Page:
Pushpom James*, Steven Daoud, Seleshi Demissie, Raisa Saab and Philip Roth
Department of Pediatrics, Staten Island University Hospital Northwell Health, Staten Island, New York, USA
*Corresponding Author: Pushpom James, Department of Pediatrics, Staten Island University Hospital Northwell Health, Staten Island, New York, USA.
Received: June 15, 2022; Published: July 27, 2022
Introduction: Introduction: Obstructive sleep apnea hypopnea syndrome (OSAHS) is an independent risk factor for asthma exacerbations . Since there is an overlap in symptoms between OSAHS and bronchial asthma, with good control of a patient’s asthma and allergic/non-allergic rhinitis, there should be fewer patients warranting work-up and treatment of obstructive sleep apnea.
Methodology: The goal was to determine the change on the sleep related breathing disorder scale (SRBD) once a patient’s asthma and allergic/non-allergic rhinitis had been controlled . Two questionnaires were administered on patient’s first visit, the SRBD scale and depending on age, the Asthma Control Test (ACT) or Childhood ACT. These questionnaires were readministered on a subsequent visit once their asthma and allergic rhinitis were controlled .
Results: A total of 68 patients were recruited. 40 completed 2 visits according to protocol. Of these, 28, that is 70% of patients showed improvement on the SRBD scale once their asthma and allergic/non-allergic rhinitis were controlled.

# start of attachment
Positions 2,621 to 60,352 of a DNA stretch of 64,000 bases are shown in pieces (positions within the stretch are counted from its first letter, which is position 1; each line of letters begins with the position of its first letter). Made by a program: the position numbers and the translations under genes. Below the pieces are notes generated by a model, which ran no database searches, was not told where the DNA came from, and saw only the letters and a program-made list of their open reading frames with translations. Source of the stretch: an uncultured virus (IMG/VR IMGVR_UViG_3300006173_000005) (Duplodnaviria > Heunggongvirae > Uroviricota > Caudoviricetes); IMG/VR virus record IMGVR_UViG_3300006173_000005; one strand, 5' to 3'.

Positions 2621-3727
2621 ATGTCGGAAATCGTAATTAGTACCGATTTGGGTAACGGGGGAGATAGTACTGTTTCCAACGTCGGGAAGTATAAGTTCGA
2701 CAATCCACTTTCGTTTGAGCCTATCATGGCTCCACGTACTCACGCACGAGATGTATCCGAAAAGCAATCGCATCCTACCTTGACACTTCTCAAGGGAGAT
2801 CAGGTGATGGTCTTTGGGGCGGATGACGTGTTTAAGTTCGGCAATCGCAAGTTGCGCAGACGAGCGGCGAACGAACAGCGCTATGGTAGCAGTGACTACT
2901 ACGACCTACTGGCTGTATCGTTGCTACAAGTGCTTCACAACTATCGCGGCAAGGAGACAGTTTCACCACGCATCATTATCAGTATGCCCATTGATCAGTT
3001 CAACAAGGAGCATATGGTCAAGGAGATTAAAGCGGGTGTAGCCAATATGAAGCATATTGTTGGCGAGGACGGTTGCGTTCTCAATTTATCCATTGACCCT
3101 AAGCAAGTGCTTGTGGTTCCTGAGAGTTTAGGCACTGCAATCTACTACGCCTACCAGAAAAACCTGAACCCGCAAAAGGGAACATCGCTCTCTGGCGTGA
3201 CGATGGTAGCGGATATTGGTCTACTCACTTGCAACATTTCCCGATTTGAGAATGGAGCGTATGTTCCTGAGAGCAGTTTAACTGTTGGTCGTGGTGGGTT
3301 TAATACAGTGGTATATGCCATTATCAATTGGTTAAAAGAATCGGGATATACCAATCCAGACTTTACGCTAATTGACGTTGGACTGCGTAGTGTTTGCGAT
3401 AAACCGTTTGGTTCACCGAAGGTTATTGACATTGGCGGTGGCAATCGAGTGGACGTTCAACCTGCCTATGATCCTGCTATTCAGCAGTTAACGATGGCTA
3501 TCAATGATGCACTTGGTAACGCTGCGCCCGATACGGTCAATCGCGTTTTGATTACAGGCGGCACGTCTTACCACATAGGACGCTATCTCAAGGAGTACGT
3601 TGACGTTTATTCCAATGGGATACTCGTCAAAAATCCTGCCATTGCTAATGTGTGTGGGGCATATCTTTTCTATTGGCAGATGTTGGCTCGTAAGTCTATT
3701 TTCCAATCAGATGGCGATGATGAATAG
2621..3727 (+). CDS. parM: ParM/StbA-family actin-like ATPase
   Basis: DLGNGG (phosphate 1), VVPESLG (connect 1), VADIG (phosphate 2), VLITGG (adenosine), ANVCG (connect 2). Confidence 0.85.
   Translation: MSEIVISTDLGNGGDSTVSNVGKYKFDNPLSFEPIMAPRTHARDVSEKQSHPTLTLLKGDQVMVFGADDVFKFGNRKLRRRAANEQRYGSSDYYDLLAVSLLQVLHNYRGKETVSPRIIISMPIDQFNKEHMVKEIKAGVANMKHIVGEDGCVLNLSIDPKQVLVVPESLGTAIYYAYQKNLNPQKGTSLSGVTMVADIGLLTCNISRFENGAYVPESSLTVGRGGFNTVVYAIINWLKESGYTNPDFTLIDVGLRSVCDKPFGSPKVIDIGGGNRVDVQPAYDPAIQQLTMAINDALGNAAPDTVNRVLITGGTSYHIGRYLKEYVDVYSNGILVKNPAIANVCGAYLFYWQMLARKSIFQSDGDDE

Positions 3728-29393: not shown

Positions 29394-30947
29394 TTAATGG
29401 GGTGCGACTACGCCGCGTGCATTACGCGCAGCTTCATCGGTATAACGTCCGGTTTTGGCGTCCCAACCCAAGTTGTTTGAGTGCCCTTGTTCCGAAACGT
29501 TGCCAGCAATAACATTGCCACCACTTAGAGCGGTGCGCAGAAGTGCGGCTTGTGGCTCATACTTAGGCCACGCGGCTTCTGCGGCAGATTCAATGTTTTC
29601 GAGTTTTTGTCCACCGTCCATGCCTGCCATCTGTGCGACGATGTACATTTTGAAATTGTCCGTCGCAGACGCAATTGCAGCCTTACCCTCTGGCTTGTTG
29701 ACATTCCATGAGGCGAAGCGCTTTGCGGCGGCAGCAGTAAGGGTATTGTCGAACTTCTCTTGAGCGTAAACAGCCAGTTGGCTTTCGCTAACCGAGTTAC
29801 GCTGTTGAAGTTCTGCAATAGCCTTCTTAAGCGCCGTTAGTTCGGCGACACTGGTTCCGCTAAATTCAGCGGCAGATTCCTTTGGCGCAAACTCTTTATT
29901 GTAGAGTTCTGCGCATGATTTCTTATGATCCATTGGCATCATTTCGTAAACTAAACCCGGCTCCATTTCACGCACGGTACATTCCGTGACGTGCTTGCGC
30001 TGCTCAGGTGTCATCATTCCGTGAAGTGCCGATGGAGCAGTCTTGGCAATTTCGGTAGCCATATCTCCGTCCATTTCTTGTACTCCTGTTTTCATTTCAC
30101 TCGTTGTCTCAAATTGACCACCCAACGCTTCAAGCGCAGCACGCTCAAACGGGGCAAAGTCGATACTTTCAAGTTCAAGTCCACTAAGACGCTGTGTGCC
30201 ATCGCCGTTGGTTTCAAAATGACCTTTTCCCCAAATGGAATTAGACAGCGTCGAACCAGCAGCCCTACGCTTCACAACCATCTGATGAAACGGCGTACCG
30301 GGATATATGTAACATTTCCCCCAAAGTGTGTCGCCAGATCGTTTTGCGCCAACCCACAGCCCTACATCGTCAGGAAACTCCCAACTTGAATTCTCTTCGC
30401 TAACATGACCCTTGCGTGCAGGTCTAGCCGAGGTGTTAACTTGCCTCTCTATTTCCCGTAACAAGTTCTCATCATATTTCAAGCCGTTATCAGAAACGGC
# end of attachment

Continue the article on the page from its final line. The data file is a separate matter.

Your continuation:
Conclusion: By controlling a patient’s asthma and allergic/non-allergic rhinitis, we can increase the specificity of the SRBD scale in asthmatics. This may improve screening for pediatric obstructive sleep apnea in children with asthma with more appropriate usage of diagnostic tools such as polysomnography and perhaps decrease the use of unnecessary treatments and surgeries, such as, tonsillectomy and adenoidectomy.
Keywords: Asthma; Pediatric Pulmonology; Obstructive Sleep Apnea Hypopnea Syndrome; Pediatric Sleep Questionnaire; Asthma Control Test; Otolaryngology
Citation: Pushpom James., et al. “Does the Treatment of Asthma and Allergic Rhinitis Decrease the Likelihood of an Obstructive Sleep Apnea Work-up and Treatment?". Acta Scientific Paediatrics 5.8 (2022): 15-22.
Copyright: © 2022 Pushpom James., et al. This is an open-access article distributed under the terms of the Creative Commons Attribution License, which permits unrestricted use, distribution, and reproduction in any medium, provided the original author and source are credited.